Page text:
Dogs get cancer, at very high rates: about 50% of senior dogs die of it, if the statistics are to be believed. Why? Well, if you read overly simplified, graphics-intensive websites by people who really don’t know what they’re talking about, they will tell you that they know why cancer happens: GMOs. Preservatives. Kibble. Microwaves.
I wish it were that simple. It’s not. And the reason that line of thought drives me nuts is that it has sent so many lovely people into spirals of depression when their dog dies and someone on the internet convinced them it was their fault because they, the owner, did something terrible like feed their dog kibble or use a plastic bowl. People end up in therapy because of things like this.
Cancer is not a singular diagnosis; the type and breath of neoplastic disease means there’s often little resemblance from case to case; a transmissible venereal tumor bears very little resemblance to a splenic hemangiosarcoma. If we could pinpoint cancer to one cause, we’d all be rich. And yet, with all this secret knowledge, overall cancer rates aren’t budging.
Because I love a breed known for having one of the highest rates of cancer (is it the fact that Golden Retriever owners feed worse food overall? Or is it genetics?) I watch Brody pretty closely. Knowing that 60% of Goldens get cancer in their lifetime, I spend a lot of time inspecting him for lumps. As we speak, the largest observational study of its kind is currently underway to help us better understand what’s going on. In the meantime, you do the best you can but truthfully, there’s not a whole lot of ability to predict and prevent cancer. Even for the people who home cook organic food (sorry. Do it because you want to, not because it will make your dog live forever.)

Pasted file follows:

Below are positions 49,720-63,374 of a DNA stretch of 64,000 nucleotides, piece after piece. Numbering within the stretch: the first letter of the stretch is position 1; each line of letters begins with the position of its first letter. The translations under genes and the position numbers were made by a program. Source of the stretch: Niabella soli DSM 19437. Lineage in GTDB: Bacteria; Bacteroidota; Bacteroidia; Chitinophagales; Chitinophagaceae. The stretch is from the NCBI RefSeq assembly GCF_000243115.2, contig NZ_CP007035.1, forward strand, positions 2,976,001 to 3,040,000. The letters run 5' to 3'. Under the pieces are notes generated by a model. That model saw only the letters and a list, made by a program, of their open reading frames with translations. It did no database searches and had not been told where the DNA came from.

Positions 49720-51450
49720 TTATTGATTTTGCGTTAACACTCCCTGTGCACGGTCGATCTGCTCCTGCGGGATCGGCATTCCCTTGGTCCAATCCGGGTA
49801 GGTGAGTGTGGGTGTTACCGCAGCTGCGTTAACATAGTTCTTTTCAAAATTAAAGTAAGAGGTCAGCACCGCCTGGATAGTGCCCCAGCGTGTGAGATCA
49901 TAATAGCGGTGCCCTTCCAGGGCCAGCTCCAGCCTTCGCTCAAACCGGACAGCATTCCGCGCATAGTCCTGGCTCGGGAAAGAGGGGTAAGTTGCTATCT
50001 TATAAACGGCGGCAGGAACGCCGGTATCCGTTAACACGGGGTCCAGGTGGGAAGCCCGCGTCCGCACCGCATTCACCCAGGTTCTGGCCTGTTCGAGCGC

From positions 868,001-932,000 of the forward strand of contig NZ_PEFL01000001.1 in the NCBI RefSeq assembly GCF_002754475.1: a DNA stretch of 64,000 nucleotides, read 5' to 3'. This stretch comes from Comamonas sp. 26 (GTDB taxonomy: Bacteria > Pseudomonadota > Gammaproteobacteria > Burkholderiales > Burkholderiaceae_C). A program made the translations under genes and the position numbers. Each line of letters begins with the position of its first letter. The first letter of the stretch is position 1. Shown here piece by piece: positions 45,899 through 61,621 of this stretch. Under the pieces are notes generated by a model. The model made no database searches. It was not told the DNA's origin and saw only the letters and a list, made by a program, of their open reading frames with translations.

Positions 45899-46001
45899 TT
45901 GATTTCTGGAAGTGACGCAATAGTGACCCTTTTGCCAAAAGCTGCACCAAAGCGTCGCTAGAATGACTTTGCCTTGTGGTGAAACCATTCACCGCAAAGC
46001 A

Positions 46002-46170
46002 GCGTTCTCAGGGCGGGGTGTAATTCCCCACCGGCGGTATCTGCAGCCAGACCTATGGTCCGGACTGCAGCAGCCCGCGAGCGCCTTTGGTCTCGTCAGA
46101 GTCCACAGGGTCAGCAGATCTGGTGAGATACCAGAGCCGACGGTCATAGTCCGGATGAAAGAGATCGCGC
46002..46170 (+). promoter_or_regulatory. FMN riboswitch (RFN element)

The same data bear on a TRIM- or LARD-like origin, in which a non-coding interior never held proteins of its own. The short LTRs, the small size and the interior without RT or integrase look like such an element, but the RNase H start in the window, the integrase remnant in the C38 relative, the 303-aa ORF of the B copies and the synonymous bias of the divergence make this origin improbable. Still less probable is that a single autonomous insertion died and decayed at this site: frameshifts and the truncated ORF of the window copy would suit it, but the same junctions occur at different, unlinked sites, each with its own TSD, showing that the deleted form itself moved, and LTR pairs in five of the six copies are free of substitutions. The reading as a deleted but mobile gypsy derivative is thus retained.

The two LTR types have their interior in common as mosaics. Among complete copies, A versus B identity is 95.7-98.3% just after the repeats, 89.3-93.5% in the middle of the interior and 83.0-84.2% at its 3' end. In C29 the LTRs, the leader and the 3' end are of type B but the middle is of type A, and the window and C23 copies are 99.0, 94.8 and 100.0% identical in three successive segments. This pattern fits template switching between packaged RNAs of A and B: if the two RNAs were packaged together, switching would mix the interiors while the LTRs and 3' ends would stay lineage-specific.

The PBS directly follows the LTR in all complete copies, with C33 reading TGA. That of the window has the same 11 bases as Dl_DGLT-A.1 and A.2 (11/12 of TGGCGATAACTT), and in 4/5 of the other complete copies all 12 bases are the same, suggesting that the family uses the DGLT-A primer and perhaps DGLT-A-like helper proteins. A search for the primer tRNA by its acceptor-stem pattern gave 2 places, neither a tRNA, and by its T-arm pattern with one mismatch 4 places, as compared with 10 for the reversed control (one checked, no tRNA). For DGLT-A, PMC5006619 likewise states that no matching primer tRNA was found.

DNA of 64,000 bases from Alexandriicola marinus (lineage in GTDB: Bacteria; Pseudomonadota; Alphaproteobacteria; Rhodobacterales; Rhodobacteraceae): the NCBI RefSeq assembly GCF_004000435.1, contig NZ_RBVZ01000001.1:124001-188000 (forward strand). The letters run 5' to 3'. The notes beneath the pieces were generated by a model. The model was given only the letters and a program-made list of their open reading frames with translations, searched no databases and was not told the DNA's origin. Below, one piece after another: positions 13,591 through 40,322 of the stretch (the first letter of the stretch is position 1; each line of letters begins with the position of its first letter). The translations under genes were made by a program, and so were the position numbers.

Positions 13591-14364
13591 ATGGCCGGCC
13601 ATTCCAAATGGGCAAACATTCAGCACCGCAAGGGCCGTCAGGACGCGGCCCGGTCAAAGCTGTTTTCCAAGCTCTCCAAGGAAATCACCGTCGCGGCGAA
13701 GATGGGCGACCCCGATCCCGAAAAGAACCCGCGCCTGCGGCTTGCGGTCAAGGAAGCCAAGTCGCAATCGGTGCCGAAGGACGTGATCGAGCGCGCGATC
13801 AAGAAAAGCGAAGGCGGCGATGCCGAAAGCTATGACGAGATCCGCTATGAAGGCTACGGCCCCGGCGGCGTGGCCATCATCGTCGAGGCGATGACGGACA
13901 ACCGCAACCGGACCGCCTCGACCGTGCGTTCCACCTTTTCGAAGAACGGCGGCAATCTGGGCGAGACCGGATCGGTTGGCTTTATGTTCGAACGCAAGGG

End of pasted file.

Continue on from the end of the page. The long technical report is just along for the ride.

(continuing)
You can save money (and life expectancy) by doing some simple things:
Knowing he is an at-risk breed, I do what I can to try and keep Brody healthy. When he gained too much weight on his food, I got the weight off. Obesity is thought to be a risk factor for cancer. Just as importantly, I get his bumps evaluated and when I find one, I don’t mess around.
The dog eats like a king; I give him the good stuff because I care about quality ingredients, though not enough to condemn people who can’t afford it. But even with his high end diets, at age 6, he’s on his second cancer. The first one, a melanoma, was excised two years ago and has yet to recur- because we caught it early. And now we have this: a little teeny ear lump.
I thought it was no big deal, but I got it evaluated anyway. See? We vets do it too. A lump is a lump is a lump. Until you get it microscopically evaluated, you just don’t know. I just got the call last week: it’s a mast cell tumor.
I’m thrilled we got this diagnosis
Am I thrilled Brody has a mast cell tumor? Of course not. They stink. Despite the fact that the visible mass is only half a centimeter, this type of tumor has tons of microscopic disease and is notorious for requiring huge surgical margins for a complete excision. For that little tiny tic-tac mass on his ear, he is very likely going to need to lose his entire pinna. (I’m getting a surgical consult this week.)
However, losing an ear is minor compared to where these things end up when people wait. You can lose an ear, but you can’t lose an entire head, for example. This is small beans compared to what lots of pets need to go through later in the game when masses grow. If we get a complete excision, this should be a closed case. And guess what? It’s so much cheaper than tons of radiation and chemo and massive surgeries. Win-win for the dog and your wallet. I’m not happy he has it, but I’m happy I know now, early.